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Issue 05/38 | August 18, 2005
Proof of "Experimental Use"
 Proof of “Experimental Use” Requires Showing Control of Testing
By Inventor and Customer Awareness of The Testing

To avoid a finding of invalidity under the on-sale bar of 35 U.S.C. § 102(b) a patent owner who asserts “experimental use” must show: (1) the inventor’s control of the testing of the invention, and (2) customer awareness of the testing. In a recent case where a patent owner failed to prove these two “critical” factors, and had its patents held invalid under § 102(b), the Court discussed the types of evidence needed to prove that a pre-critical date sale was “primarily made for experimentation.” The checklist below, which is based on the Court’s discussion of what the inventors and patent owner did not do, may be useful to inventors and patent owners to decrease the likelihood of having their future patents found invalid under § 102(b).

A summary judgment of invalidity of U.S. Pat. Nos. 5,169,242 and 5,567,056 under the on-sale bar of § 102 was affirmed in Electromotive Division of General Motors Corp. v. Transportation Systems Division of General Electric Co., --- F.3d ---, 2005 WL 1774430 (Fed. Cir. July 28, 2005). The Court of Appeals for the Federal Circuit concluded that the bearing inventions claimed in the patents were the subject of commercial sales to several railroad customers more than one year prior to the dates of application for the two patents (i.e., pre-critical date sales). The question was whether the circumstances surrounding each of the pre-critical date sales objectively showed that the sales were “primarily made for experimentation.”

In concluding that there was insufficient objective evidence to show that the pre-critical date sales were primarily for experimentation, the Court referred to the list of 13 objective factors in Allen Engineering, 299 F.3d 1336, 1353 (Fed. Cir. 2002). After noting that the list is not exhaustive and that all factors may not apply in a particular case, the Court held that two factors are “critical” and must be proven if experimentation is to be found - - the inventor’s control over the alleged testing, and a customer’s awareness of the purported testing. Since the patent owner did not produce adequate evidence of either of these critical factors, both of its patents were held invalid. (If both critical factors had been shown, the Court would have considered the rest of the 13 factors listed in Allen Engineering.)

To decrease the likelihood of their future patents being found invalid based on an on-sale bar under § 102(b), inventors and patent owners who sell products including inventions “primarily for experimentation” should consider doing at least some of the following to help establish the inventor’s control and customer awareness of the inventor’s testing: 1) document the fact that the invention is being provided to the customer for the purpose of testing the invention in actual use rather than as part of a commercial sale; 2) have the customer sign a confidentiality agreement or other agreement consenting to participate in a field program; 3) provide protocols to the customer directing their use of the invention; 4) supervise or restrict the customer’s use of the invention; 5) require the customer to operate the invention under specific conditions; 6) monitor the conditions under which the customer uses the invention; 7) require the customer to provide feedback, such as comments or data concerning the operation or durability of the invention; 8) have the inventor, or someone under his direction (e.g., the customer), collect data, keep progress reports, and operate the invention during specified times; 9) maintain records of the testing or require the customer to do so; 10) control, monitor, or systematize the field testing of the invention; 11) examine the invention being tested in the field on a schedule; and 12) consider discounting the price of the invention sold for the purpose of experimentation.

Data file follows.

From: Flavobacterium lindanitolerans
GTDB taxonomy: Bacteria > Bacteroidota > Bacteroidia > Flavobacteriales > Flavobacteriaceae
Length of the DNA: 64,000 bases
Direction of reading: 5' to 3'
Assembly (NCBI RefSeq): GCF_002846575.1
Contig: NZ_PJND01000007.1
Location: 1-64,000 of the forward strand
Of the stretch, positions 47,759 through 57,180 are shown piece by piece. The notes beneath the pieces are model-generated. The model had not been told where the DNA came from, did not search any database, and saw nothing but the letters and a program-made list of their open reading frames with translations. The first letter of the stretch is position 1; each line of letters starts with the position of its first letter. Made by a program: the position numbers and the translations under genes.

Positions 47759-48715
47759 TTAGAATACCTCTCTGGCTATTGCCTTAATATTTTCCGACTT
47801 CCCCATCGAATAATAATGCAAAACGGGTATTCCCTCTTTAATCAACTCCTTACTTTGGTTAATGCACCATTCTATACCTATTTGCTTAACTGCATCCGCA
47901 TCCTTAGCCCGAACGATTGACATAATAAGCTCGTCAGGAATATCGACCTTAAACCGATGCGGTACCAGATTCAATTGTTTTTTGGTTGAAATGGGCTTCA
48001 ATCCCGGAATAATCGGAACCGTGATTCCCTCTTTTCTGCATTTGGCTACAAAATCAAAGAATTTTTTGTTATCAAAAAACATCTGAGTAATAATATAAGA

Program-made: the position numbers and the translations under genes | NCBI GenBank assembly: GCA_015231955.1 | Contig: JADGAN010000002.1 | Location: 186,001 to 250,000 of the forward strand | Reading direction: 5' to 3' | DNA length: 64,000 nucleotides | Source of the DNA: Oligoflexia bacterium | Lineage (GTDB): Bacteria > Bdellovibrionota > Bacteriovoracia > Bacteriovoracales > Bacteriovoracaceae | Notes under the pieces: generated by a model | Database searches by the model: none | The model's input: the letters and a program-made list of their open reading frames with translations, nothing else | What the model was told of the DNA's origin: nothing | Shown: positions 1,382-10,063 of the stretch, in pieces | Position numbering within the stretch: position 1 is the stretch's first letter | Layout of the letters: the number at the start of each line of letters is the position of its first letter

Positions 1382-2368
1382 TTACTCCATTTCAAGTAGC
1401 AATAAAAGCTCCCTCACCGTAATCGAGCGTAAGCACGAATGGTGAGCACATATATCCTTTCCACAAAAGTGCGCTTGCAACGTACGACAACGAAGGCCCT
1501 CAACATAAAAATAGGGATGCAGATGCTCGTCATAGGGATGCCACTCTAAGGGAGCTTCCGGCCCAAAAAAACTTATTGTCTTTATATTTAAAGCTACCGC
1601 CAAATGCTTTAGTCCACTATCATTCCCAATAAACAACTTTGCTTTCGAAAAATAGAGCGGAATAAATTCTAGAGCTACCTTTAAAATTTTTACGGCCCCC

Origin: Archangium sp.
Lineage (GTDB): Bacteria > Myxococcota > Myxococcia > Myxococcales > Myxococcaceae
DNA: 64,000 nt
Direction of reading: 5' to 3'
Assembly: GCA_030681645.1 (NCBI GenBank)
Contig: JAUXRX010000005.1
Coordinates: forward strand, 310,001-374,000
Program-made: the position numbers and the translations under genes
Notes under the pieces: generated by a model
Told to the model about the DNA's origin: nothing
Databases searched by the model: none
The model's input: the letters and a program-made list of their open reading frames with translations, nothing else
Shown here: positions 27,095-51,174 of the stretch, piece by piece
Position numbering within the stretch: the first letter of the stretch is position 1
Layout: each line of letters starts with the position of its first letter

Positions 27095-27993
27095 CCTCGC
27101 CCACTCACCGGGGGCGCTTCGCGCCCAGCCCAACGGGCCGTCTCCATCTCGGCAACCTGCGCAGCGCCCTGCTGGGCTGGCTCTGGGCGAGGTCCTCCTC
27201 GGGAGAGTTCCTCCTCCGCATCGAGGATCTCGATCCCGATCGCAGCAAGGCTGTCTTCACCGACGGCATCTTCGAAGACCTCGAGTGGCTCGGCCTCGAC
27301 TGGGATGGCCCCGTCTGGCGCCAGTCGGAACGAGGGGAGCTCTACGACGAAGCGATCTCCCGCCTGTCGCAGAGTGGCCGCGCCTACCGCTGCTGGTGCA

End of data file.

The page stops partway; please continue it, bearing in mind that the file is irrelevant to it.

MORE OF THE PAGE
To view the full decision visit http://www.fedcir.gov/opinions/04-1412.pdf.

To discuss this or any related intellectual property law topics further, please feel free to contact the author, James J. Kozuch, at jjkozuch@crbcp.com or 215-567-2010, ext. 133, at Caesar, Rivise, Bernstein, Cohen & Pokotilow, Ltd. (www.crbcp.com) in Philadelphia, PA, USA.

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